The first solutions and second solutions obtained by preparation according to these formulations were used and combined together, with the first solution at 500 ml and the second solution at 1500 ml (first solution:second solution volume ratio=1:3), to prepare a transfusion preparation with a total volume of 2000 ml, and the changes in the pH value were observed.
They were also combined with the first solution at 800 ml and the second solution at 1200 ml (first solution:second solution volume ratio=2:3), to prepare a transfusion preparation with a total volume of 2000 ml, and the changes in the pH value were observed.
The results are shown in Table 2 as the pH values for first solution+second solution.
As clearly shown by the results in this table, the glucose-containing transfusion preparations of the invention obtained by mixing the first solutions and second solutions had pH values adjusted to near 7, which is a physiologically neutral range, and the stability of the transfusion preparations was also very satisfactory.
Samples were prepared using a 10% aqueous solution of glucose as the first solution of the invention, with the pH adjusted to be in the range of 3-5 by adding a lactic acid buffer solution or acetic acid buffer solution to the aqueous solution as an organic acid buffer solution.
The following samples were prepared for use as the samples.
Sample No.1: 1.0 mEq/L sodium lactate and 0.3 mEq/L lactic acid: pH 4.38
Sample No.2: 0.3 mEq/L sodium lactate and 1.0 mEq/L lactic acid: pH 3.62
Sample No.3: 1.0 mEq/L sodium acetate and 0.3 mEq/L acetic acid: pH 5.03
Sample No.4: 0.3 mEq/L sodium acetate and 1.0 mEq/L acetic acid: pH 4.22
Using 100 ml of each sample, titration was performed with an aqueous solution of 0.1 N sodium hydroxide (100 mEq/L), and the titrant at the point where the pH of the sample solution reached 7.4 was measured with an automatic titrator. The titrating solutions for each of the sample solutions were the following.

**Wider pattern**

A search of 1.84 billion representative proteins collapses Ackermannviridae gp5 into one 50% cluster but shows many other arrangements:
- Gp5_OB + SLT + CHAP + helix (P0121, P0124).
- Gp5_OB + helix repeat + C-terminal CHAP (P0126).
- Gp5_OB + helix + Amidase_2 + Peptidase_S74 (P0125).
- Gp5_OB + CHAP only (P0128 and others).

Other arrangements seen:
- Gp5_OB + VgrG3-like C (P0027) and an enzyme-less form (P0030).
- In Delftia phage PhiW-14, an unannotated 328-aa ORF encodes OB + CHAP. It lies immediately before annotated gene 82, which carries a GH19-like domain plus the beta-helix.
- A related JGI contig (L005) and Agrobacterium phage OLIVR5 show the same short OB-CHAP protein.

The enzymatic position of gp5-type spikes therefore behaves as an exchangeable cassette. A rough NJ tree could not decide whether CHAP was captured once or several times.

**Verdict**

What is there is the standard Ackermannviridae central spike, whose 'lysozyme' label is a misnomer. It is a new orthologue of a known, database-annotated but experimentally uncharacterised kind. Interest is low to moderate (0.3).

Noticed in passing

Sample No. Final pH Value/0.1 N Sodium Hydroxide Aqueous Solution
Sample No. 1: pH 7.55/0.32 mEq (0.32 ml/100 ml)
Sample No. 2: pH 7.41/0.087 mEq (0.87 ml/100 ml)
Sample No. 3: pH 7.51/0.045 mEq (0.45 ml/100 ml)
Sample No. 4: pH 7.39/0.104 mEq (1.04 ml/100 ml)
As clearly shown by these results, the glucose-containing aqueous solutions as the first solution of the invention had their pH values adjusted to 3-5 with a lactic acid buffer solution or acetic acid buffer solution as the organic acid buffer solution, but the pH values of these solutions could still be easily adjusted, judging from the titrable acidity. In particular, it is seen that when the first solution is used at 100 ml, the titration amount required to bring the pH to 7.4 with the 0.1 N sodium hydroxide aqueous solution is preferably no greater than 2 ml.
Using a 10% glucose-containing aqueous solution as the first solution of the invention, the pH of the solution was adjusted to about 3.5 with 0.3 mEq/L of sodium lactate and 0.8 mEq/L of lactic acid. As a control solution there was used a non-pH-adjusted 10% glucose-containing aqueous solution. Both of these were stored for 3 weeks in a chamber under conditions of 60° C. temperature, 30% humidity, and the change in the content of the formic acid degradation product in the solution with time was observed after 1 week, 2 weeks and 3 weeks.
The formic acid was assayed by HPLC at a detection wavelength of 210 nm.
The results are shown in Table 3.
Change in formic acid content with high-temperature storage
After 1 week
After 2 weeks
After 3 weeks
first solution of
the invention (pH-
As clearly shown by the results in this table, the glucose-containing first solution of the invention exhibited a decrease in the formic acid degradation product of glucose with time, resulting from adjustment of the aqueous solution pH with the lactic acid buffer solution. In contrast, the non-pH-adjusted glucose-containing solution used as the control solution exhibited an increase in formic acid content with time.
Using a 7.72% glucose-containing aqueous solution as the first solution of the invention, the pH of the solution was adjusted to about 4.11 with 0.3 mEq/L of sodium lactate and 0.3 mEq/L of lactic acid. The solution was then stored in a chamber under conditions of 60° C. temperature and 30% humidity, and after 1, 2, 3, 4 and 6 weeks, the change in the content of the formic acid degradation product in the glucose-containing aqueous solution with time was measured in the same manner as Test Example 4 and observed.